Hundreds of immigrant workers and supporters rallied in downtown Los Angeles Wednesday urging President Obama to include protections for laborers in the series of executive actions he is expected to issue on immigration policy in the coming weeks.
Organizers want those protections to include measures that protect workers who denounce unfair labor practices, as well as extend visas to victims of violent crimes and wage- and hour-violations. They are also emphasized that any actions taken should not exclude people — such as domestic workers and day laborers — who are not employed continuously.
"The city of L.A. wouldn't function without migrant labor," Pablo Alvarado, the director of the National Day Laborer Organizing Network (NDLON), told BuzzFeed. "You go to the neighborhoods here and it's the immigrant workers who keep the gardens green, who make sure that people come and work to the big buildings here because workers are taking care of their kids, cleaning their homes.
"Everyone, from friend to foe, is willing to accept people's labor, but they are not willing to accept people's humanity," he added.
Obama is expected to announce the administrative actions, a source of controversy with some Republicans, in the next few weeks. The actions follow an administration-wide review of deportation policy, following intense pressure from activists in the past year.
The Los Angeles rally was organized by NDLON in conjunction with a coalition of local and national civil rights and labor groups, as part of their annual national conference. In addition to protections for workers, the group asked that Los Angeles County put an end to programs in which local law enforcement collaborate with federal immigration agencies.
About 500 supporters first marched to the steps of a federal detention center, where immigrants currently involved in deportation proceedings talked about their cases and asked to be included in the president's plan.
Maria Martinez, who attended the event as member of the Phoenix-based immigrant rights group Puente Arizona, pled on behalf of her undocumented son, who is facing deportation after he was detained during a raid by Sheriff Joe Arpaio's force in Maricopa County.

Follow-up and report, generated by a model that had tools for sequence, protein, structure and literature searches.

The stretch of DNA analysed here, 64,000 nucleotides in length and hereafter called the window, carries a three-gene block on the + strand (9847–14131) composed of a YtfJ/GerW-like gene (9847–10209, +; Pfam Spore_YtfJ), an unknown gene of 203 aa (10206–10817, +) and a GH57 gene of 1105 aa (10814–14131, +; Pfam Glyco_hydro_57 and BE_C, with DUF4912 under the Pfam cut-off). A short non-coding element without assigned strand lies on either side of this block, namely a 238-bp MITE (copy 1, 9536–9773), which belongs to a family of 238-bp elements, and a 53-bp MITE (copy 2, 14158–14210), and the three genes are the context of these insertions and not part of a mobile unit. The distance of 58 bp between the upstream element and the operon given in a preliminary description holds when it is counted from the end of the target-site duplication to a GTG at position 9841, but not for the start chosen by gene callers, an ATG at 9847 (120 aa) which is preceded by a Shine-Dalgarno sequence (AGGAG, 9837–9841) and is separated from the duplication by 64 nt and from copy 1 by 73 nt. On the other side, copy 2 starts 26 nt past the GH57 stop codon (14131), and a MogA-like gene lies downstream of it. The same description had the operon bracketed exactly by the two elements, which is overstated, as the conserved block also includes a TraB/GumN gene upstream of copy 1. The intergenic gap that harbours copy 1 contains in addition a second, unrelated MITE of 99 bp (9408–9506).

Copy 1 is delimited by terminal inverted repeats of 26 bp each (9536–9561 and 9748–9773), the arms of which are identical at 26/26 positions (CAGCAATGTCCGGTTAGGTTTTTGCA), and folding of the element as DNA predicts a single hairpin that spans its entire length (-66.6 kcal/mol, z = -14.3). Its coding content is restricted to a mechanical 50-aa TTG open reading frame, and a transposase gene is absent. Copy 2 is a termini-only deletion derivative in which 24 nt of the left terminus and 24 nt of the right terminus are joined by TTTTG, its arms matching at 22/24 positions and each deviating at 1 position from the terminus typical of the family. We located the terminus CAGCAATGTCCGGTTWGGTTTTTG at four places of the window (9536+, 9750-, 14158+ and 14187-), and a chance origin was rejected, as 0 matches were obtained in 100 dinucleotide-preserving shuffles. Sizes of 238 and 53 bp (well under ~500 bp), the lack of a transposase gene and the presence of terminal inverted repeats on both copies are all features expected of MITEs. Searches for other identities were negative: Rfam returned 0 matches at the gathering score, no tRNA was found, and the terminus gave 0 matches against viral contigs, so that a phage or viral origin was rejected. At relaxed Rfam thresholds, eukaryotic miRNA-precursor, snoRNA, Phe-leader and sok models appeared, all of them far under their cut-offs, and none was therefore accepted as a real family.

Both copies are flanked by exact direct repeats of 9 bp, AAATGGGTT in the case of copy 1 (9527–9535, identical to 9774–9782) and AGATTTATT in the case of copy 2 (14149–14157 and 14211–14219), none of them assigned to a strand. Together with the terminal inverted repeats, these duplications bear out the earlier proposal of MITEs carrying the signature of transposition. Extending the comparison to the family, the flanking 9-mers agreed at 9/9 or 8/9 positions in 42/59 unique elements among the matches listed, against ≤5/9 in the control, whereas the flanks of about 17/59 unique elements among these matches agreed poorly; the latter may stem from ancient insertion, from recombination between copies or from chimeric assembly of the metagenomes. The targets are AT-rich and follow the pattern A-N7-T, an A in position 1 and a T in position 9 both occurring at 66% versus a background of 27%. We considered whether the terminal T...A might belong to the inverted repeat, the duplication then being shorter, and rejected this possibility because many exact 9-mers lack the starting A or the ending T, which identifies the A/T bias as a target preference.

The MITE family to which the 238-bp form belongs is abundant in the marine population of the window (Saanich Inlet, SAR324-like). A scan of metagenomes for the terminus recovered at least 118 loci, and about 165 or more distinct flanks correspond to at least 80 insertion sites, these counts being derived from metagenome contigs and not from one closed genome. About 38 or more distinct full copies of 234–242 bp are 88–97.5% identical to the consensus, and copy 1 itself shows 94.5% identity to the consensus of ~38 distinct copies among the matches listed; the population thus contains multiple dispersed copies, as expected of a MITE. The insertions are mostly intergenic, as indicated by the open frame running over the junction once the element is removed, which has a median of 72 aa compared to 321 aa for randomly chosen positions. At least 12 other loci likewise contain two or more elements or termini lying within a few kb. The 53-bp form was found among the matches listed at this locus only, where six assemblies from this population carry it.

"We are all humans and deserve a certain level of respect," she said.
Another speaker, Gustavo Bonilla, said he was detained on a minor traffic violation in New Orleans, where he has lived and worked for 15 years. Bonilla said he was denied an extension of his deportation stay because he has been active in mobilizing other undocumented immigrants in his community.
Speakers at the rally also asked that Los Angeles County put an end to programs in which local law enforcement collaborate with federal immigration agencies.
The group then marched back to the La Placita Church, where local politicians and the Los Angeles Police Department Chief, Charlie Beck, heard testimonies from leaders of the different organizations at the conference — which included the ICE Out of LA Coalition, CHIRLA, SEIU, and others.
In the absence of Congressional action on immigration, President Obama said in June he would announce a series of administrative actions by the end of the summer; he is expected to, on some level, slow deportations of undocumented immigrants.
The exact details of the president's plans remain a mystery, but advocates want and expect the actions to include some sort of expansion of an earlier administrative program that provides legal status to young undocumented immigrants who were brought to the country as children.